What’s a Neanderthal Got To Do, To Get Some Respect?

We have already established that Neanderthals intermarried with “modern humans.” This seems to suggest that they were, in fact, human. But apparently, the debate rages on.

This Smithsonian article about eagle talon jewelry poses the question,

“Did our extinct cousins engage in symbolic activities, like making art and decorating their bodies, that we’ve long believed were uniquely human?”

“Chatelperronion artifacts, including stone tools and tiny beads, have been linked with Neanderthals in southwestern France and northern Spain.” It seems as if “tiny beads” would be trickier to make than eagle talon jewelry. Yet, the idea that Neanderthals engaged in “symbolic thinking” remains “extremely controversial.” It seems that there is a rather high bar that Neanderthal art will have to vault in order to convince their modern descendants that they were, in fact, people. Their art hasn’t passed that bar yet … at least, not among the tiny number of examples that the millennia have allowed to be preserved.

9 thoughts on “What’s a Neanderthal Got To Do, To Get Some Respect?

  1. Em @ The Geeky Jock

    I’m sure there are probably geneticists wth their opinions out there 🙂 But, presumably, then if two critters can interbreed and create viable and fertile offspring, then it supports the argument that they’re the same species. (One of the reasons that dogs and wolves are sometimes considered sub-species of Canis lupus.) It’ll be interesting to see where this goes in the next few years!

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  2. Benjamin Ledford

    Interesting. I recently listened to a Hugh Ross lecture on human origins and he posits that Neanderthals and other hominoids were non human, and that humans were specially created and not descended from them (though, apparently there was indeed interbreeding).

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    1. Well, I’ll have to watch the video, but based on your summary that doesn’t make any sense. We were specially created, thus not related to them, but then we interbred with them? I tend to go the other way, and give all supposedly non-human “hominids” the benefit of the doubt. I think this whole category of non-human hominid was basically invented to support an evolution-of-man picture of reality … so if you’re going to say that humans were specially created, then you don’t need to exclude other hominids from humanity.

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      1. Benjamin Ledford

        Well, you’ll have to watch and see what you think. I don’t have a particularly strong position either way. Prior to watching Ross’s lecture I would have tended to the same view you seem to have – that these are all just people of various shapes and sizes – but now I would be inclined to adopt his view. This isn’t my field though, so I’m probably easily swayed. I did get really excited about his proposal for the location of Eden though. He convinced me on that one.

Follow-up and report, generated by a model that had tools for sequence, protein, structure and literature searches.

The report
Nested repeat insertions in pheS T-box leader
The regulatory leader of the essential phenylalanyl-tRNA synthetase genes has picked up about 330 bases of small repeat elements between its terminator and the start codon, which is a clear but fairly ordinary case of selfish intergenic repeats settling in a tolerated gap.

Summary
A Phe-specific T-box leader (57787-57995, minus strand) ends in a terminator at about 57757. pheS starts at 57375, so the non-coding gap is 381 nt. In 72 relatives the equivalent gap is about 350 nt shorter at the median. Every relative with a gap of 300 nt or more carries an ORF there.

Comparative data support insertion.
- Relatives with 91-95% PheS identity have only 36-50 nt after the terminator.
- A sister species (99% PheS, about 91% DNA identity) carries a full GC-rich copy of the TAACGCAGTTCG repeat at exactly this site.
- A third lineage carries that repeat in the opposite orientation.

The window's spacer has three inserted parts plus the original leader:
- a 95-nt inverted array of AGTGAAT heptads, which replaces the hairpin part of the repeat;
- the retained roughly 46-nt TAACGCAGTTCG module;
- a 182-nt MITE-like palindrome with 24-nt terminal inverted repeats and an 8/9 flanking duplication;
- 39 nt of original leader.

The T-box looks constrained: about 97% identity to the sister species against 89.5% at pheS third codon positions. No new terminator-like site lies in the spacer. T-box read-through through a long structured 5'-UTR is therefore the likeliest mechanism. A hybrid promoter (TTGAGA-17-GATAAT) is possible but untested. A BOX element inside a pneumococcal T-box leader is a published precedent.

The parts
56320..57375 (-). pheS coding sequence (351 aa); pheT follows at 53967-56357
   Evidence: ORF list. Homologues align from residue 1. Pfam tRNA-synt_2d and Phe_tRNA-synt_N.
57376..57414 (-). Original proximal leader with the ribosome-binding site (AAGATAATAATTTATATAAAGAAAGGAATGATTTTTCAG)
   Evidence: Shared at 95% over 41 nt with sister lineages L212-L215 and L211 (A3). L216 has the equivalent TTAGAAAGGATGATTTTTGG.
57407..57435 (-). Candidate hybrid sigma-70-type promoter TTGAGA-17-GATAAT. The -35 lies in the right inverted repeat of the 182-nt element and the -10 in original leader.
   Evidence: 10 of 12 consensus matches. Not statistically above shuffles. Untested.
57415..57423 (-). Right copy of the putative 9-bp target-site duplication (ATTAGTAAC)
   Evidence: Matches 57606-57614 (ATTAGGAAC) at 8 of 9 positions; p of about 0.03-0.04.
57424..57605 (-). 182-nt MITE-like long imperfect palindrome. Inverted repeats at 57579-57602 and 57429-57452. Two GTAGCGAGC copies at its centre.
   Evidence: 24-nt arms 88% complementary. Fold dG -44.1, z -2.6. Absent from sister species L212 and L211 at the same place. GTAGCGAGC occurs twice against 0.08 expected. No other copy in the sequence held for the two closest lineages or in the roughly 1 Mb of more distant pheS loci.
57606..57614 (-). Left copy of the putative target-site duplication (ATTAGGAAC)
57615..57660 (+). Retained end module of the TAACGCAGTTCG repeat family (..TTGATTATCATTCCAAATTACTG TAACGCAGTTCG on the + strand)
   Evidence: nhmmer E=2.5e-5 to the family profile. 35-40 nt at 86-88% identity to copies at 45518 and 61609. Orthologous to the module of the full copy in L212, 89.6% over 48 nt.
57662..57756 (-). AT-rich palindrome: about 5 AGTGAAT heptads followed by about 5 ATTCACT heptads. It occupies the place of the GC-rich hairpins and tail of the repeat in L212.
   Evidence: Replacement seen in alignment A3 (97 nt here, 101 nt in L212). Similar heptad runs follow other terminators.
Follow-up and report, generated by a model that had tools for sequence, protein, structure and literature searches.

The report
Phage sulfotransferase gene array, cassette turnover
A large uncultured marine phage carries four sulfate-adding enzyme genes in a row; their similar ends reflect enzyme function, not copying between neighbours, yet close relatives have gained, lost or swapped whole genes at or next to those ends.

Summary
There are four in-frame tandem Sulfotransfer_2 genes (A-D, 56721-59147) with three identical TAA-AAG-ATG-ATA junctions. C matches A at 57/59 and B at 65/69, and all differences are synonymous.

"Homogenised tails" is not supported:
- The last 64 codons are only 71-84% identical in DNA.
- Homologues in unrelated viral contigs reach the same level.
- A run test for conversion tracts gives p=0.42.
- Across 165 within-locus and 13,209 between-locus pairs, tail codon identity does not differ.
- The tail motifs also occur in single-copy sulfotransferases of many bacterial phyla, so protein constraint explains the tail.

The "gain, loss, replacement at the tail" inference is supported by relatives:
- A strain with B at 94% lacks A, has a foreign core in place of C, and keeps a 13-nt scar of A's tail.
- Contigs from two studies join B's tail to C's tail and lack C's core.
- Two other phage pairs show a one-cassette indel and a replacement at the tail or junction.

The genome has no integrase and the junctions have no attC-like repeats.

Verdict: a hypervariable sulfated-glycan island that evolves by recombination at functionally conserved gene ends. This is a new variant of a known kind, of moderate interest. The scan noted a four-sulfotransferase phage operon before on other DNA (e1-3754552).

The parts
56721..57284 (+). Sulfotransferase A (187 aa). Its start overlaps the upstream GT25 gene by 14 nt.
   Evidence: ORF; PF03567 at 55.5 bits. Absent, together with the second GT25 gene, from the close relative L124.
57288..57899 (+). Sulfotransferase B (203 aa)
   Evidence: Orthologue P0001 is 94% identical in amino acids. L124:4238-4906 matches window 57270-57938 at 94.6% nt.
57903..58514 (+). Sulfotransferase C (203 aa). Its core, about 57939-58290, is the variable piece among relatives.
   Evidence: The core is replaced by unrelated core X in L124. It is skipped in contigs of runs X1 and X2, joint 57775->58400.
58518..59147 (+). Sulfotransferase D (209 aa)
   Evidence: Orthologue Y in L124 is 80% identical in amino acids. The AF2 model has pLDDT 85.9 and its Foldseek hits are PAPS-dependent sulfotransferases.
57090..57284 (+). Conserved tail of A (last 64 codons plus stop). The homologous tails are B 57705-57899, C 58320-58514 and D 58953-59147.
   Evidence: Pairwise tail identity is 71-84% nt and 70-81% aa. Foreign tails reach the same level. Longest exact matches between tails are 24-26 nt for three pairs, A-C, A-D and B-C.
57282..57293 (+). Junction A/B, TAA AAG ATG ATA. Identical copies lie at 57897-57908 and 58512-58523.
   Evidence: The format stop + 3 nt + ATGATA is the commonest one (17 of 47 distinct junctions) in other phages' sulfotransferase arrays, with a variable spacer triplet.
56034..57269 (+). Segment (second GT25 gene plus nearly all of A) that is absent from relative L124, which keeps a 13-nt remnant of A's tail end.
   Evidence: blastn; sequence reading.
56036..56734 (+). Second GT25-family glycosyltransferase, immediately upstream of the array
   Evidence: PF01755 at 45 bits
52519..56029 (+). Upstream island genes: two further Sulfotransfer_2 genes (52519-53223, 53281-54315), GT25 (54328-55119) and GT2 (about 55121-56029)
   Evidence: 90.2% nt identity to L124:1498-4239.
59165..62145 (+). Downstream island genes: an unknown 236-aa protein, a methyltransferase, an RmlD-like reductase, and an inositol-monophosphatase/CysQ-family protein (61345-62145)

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      2. OK, I just watched 1:10 of it. I am partway through the questions.

        Sooo much to say about this video! It is really fascinating. Thank you for embedding it.

        I think he presents a very plausible scenario. Especially about the location of Eden, although his argument is somewhat circular. He assumes a ballpark date for Eden (after continental drift), which allows him to assume that the Gihon and Pishon rivers will still be in the same general part of the world that they were and still relatively near the modern-day Tigris and Euphrates. Then he uses the location of two ancient rivers he’s identified as the Gihon and Pishon, to fix the date of Eden around the end of the last Ice Age. It’s quite possible. It could also be that Eden was well before that, there was a whole mythological age of the world, then a series of disasters associated with end of the last Ice Age, culminating in the Flood. That’s the model my books follow. Of course, it is all 100% speculation.

        I do think there are several areas where his B.S. detector needs a tune-up.

        First, he uncritically accepts dates rendered by carbon dating, even though it is all dead reckoning. He also accepts dates given by anthropologists for when these different hominids lived, even though those dates are dead reckoning based on assumptions about carbon, rates of human evolution, and rates of genetic decay. (Even though later, he debunks some of that with the example of the single pair of sheep yielding much more genetic diversity than predicted.)

        Second, he accepts the assertions in the literature that “we see no evidence of symbolic thinking among Neanderthals.” That is controversial, as the link in this post shows. And how in the world can you prove lack of symbolic thinking? There are plenty of people groups alive today who are not leaving a lot of art or literature or anything that would convince an anthropologist that they were capable of language. He also accepts the baseless assertion that “Neanderthals did not wear clothes.” Huh? How in the world would we know? If Neanderthals are as old as he thinks, it’s unlikely their clothing would have survived, especially in cold damp climates.

        Third, he accepts uncritically the idea that brain shape and size can tell us what kind of thinking a creature was capable of. I’m not sure I buy in to that. Some animals have much bigger brains than we do, and we might conclude they had much more advanced civilizations if all we had to go on were their skulls and ours.